Develop an elevator pitch. If you had to convince someone of the importance of your cause during a two minute elevator ride, what exactly would you say? For example: Do you realize that students at Lincoln Elementary don’t get any outdoor recess because the playground is unsafe? It was built in 1972, and the principal is concerned that somebody could get hurt on the dilapidated equipment. Research shows that no recess means not only no exercise for these kids, but also that their grades are likely to drop. We’ve formed a committee working to get a new playground. Would you be willing to sign our petition or attend our next meeting?

Lobby your principal, teachers, and superintendent. Their support will be important when you present your case to the school board. They may also know of other people with whom you can join forces.

Step 2: Spread the Word

It’s time to inform and motivate the school community.

The keys to success: Get the word out in as many ways as you can and give parents lots of options for getting involved.

Put together a fact sheet. Use your elevator pitch as your guide. You can add in more specifics like cost and research that shows how exercise impacts grades. Most important: Keep it to one page.

Brand your message. A snappy, memorable slogan will help your message stick. Tap the artistic members on your strategy team to come up with a logo or an icon.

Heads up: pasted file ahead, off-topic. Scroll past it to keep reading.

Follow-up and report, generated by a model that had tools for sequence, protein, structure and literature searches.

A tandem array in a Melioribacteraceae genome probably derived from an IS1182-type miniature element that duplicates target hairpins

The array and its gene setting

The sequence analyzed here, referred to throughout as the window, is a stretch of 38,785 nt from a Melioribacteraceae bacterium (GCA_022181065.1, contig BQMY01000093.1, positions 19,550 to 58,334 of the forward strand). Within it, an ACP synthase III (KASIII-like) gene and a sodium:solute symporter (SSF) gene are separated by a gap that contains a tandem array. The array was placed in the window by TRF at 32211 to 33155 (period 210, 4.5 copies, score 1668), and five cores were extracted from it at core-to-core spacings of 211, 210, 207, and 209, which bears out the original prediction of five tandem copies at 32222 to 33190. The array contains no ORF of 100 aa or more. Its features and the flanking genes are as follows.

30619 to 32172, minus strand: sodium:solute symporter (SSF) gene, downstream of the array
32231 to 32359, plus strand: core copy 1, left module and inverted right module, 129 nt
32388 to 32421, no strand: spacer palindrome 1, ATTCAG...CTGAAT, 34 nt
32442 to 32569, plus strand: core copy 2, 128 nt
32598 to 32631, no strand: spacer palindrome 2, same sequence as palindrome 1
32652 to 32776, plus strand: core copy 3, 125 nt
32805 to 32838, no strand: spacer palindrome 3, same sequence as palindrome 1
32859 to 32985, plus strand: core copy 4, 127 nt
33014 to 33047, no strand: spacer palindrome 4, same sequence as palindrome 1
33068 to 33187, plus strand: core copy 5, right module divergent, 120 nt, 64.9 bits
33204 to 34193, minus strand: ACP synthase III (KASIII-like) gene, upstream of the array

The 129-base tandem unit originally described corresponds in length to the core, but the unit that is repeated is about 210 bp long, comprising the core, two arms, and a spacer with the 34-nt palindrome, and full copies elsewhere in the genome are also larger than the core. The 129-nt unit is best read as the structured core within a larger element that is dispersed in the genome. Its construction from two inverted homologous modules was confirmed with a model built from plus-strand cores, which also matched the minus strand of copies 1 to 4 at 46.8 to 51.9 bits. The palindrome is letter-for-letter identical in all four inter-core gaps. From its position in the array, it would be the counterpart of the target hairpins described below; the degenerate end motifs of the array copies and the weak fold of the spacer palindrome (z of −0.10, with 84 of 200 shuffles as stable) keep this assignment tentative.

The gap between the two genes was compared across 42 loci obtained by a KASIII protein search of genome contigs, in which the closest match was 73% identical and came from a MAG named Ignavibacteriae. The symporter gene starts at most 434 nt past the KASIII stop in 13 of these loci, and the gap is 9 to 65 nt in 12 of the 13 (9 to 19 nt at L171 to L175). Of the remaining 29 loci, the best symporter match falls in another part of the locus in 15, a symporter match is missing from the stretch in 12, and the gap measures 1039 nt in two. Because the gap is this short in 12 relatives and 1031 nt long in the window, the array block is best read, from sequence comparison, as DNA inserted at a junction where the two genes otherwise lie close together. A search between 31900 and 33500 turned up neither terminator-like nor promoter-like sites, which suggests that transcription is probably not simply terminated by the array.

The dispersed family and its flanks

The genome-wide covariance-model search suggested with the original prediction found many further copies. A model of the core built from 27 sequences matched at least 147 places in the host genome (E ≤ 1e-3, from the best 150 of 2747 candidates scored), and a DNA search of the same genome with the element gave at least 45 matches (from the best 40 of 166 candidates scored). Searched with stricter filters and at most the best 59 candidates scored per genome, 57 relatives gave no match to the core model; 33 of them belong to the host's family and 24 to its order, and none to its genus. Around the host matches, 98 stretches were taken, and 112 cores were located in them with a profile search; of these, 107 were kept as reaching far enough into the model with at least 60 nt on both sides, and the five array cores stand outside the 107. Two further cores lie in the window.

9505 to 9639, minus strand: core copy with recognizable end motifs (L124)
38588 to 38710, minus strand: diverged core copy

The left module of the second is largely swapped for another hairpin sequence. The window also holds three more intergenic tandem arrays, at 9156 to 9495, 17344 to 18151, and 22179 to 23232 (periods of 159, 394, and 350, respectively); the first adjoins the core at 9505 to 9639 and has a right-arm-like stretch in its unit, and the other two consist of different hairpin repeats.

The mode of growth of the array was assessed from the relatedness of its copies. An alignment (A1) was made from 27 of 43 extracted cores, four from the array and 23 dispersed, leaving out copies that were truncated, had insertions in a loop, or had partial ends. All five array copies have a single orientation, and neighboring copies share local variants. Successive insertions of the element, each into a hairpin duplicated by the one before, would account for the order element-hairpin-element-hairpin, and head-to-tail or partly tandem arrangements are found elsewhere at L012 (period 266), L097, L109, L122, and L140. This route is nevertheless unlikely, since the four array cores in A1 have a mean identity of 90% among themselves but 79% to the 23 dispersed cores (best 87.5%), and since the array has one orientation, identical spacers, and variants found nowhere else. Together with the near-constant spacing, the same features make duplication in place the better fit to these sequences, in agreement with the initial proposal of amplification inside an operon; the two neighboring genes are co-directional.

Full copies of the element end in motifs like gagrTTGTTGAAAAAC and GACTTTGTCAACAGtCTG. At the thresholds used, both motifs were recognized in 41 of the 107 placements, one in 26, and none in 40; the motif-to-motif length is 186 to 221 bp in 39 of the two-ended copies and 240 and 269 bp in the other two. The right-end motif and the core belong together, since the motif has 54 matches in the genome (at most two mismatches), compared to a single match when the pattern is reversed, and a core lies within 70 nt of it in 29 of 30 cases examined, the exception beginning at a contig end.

Start a website, Twitter account, Facebook page, or all three! Post your fact sheet, supporting documents, details about events and fund-raisers, and progress updates. You can also invite people to download your logo to display on their own pages.

Launch a petition drive. Along with posting a petition online, plan to hit the bricks. Set up a table outside your grocery store or coffee shop. Walk the pick-up line after school. Knock on some doors.

Have coffee with the board. Reach out to the individual members of your school board, especially the ones who
might be passionate about or sympathetic to your project. Loop in your PTA /PTO . Ask to give a brief presentation during one of the meetings. You’ll have a captive, engaged audience, who will likely be eager to help you get the word out.

Build local alliances. Set up meetings with government officials and business owners who may lend support.